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Kansas City Chiefs safety Reshard Langford is prepared for the uphill battle that can lead him to NFL stardom.
While many players are enjoying their final days before training camp opens, Langford is working to get the edge on them.
Chiefs defensive back visits and talks with student-athletes in Pasadena high school. Shares life experiences and his struggle to become a professional football player.
By Michael BrownSentinel Contributing Writer
What Kansas City Chiefs reserve safety Reshard Langford lacks in name recognition and NFL accolades, he more than compensates for in mentoring youth across the nation by emphasizing the importance of education and work ethic.
Among the many professional athletes who flocked to Los Angeles last week for ESPN's ESPY Awards at the Nokia Theatre, chances are, other than his immediate family and current teammates, Langford was likely not recognized by many who clamored for the likes of comedian/host Seth Meyers, Reggie Bush and Derek Fisher.
However, for a native from Tanner, Alabama, the anonymity suited him just fine as Langford has become accustomed to being a blip on the proverbial radar screen.
"I'm used to being the underdog," Langford said. "Never giving up, hard work and perseverance are just some of the ethics I try to share with young people when I speak with them."
Langford's message was shared with a cross section of male and female student-athletes at Pasadena's Blair IB High School on July 15. After attending the ESPY's, Langford, through an arrangement by his management agency, Entertainment Sports Plus, visited the teens and spoke, while also listening to their feedback and ideas about some of the issues facing today's youth.
Langford also said that he thinks he brings a unique perspective to audiences comprised of young people. At 24 years old, he is not that far removed from where many of them sit, and is familiar with the host of challenges they face. Langford credits his high school coach with playing a similar role during his teenage years.
"When I speak with young people, I just get enjoyment out of it," Langford said. "I read a story afterward in a local paper showing some of the students' comments-and I was encouraged to see that my words were having an impact on lives. We discussed things back-and-forth, most of (which) was about education and the need for athletes to have a backup plan."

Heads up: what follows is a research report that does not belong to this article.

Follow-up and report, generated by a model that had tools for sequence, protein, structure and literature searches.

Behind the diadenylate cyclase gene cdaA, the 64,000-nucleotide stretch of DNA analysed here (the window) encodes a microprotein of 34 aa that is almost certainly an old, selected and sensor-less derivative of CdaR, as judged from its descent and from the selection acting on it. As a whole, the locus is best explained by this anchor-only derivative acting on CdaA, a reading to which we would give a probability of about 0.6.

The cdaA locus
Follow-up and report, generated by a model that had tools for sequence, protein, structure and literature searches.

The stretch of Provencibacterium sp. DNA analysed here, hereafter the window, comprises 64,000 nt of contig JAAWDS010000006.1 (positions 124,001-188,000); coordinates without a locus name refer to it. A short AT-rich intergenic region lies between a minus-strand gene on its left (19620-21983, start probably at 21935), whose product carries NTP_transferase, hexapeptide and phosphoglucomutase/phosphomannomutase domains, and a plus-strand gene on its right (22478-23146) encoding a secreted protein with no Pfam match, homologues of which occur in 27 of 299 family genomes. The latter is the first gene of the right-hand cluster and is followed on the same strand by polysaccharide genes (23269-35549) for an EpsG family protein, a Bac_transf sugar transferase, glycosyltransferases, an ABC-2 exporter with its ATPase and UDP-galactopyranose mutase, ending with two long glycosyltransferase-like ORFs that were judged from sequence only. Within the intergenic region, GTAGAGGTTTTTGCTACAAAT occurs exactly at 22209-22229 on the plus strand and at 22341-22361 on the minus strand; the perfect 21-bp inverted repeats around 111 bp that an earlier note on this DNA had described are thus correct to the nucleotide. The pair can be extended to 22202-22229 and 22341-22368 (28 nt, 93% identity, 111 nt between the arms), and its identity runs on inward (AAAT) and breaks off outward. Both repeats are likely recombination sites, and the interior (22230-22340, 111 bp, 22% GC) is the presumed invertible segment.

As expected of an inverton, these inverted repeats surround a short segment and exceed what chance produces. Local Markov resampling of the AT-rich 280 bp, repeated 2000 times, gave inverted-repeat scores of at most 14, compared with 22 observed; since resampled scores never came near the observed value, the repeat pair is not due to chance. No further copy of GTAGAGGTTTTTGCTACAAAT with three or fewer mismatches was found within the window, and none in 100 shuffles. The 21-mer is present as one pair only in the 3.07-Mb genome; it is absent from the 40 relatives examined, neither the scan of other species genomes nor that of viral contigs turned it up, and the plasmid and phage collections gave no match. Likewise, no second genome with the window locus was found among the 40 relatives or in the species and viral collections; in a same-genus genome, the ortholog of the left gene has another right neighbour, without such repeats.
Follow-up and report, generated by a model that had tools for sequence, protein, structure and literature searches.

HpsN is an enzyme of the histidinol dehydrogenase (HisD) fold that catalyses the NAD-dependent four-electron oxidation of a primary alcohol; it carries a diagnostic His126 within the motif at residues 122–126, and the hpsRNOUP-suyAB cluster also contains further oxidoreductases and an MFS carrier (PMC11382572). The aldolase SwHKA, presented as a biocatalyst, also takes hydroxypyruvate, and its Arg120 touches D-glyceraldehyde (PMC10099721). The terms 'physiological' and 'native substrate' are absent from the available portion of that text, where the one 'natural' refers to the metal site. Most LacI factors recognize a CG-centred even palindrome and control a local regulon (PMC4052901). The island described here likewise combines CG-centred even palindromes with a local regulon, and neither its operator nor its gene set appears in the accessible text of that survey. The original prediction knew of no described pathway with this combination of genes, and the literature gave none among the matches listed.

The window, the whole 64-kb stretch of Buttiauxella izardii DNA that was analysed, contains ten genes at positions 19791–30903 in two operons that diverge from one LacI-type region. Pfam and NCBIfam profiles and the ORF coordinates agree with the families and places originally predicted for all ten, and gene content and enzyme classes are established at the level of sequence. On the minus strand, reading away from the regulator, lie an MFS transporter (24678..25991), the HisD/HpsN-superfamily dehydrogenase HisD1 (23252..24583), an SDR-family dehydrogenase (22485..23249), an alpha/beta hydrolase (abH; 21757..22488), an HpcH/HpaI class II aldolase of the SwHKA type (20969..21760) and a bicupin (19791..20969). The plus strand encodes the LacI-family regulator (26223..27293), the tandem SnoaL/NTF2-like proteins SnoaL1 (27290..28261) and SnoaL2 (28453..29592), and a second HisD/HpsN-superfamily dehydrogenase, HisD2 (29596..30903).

Langford doesn't just pay lip service when he talks about education. He obtained a degree in sociology while at Vanderbilt University. As a senior, Langford earned Vanderbilt's prestigious Scholar Athlete Award. Prior to college, Langford was the salutatorian of his high school class and lettered in several sports.
Langford's zeal for scholastic achievement was instilled in him from a young age by his parents. He indicated that his parents played a pivotal role in guiding him to wanting to always do better.
They also influenced him to strive to become a well-rounded person in all facets of life. In addition to being a four-year starter at Vanderbilt, Langford served as a mentor to underprivileged children at the Martha O' Bryan Center in Nashville, Tennessee and as a volunteer with the National Cares Mentoring Movement.
"My mother and father were very important in me becoming the person I am," Langford said. "Going to a school as academically tough as Vanderbilt was something I pursued after high school. Getting a degree was a goal that I set for myself since I was very young."
Aside from the charitable and civic causes Langford is involved in, nurturing a fledging professional football career is his goal. The road however, hasn't been easy for the second-year player as he prepares for Kansas City's training camp to open July 29.
After not being drafted out of Vanderbilt in 2009, Langford signed on with the Philadelphia Eagles and remained on its roster for the first 15 weeks of his rookie season. The Eagles toyed with the idea of moving him to linebacker, but the Chiefs, thin at safety, plucked him off of Philadelphia's practice squad and utilized Langford as a defensive back and on special teams.
Langford is confident about what the future portends and in his abilities. He said, "My goal is to come to camp and work hard kind of like how I do with everything else. I want to make an impact on this team in any role that they need me to play, and do everything in my power to excel."
He added, "Separate from my individual goals, I feel good about this team's prospects this year. We've got a young defense and we're collectively growing together. I'll compete with all of the other defensive backs in camp to make plays."
Projected as a likely reserve this season, Langford's skills may come in handy in a pass-happy AFC West Division where defensive backs are sure to be tested. Langford's humility was on full display when he talked about his willingness to do the grunt work on special teams, citing winning as the goal before notoriety.
If he wasn't earning a living on the gridiron, Langford said he doesn't know exactly what he would be doing, but he did indicate that working with children would factor in somewhere.
In an age of round-the-clock tweets, emails and breaking stories about professional athletes being popped for an array of bad judgment and indiscretions, perhaps a story of an "underdog" can be brought to the forefront and celebrated.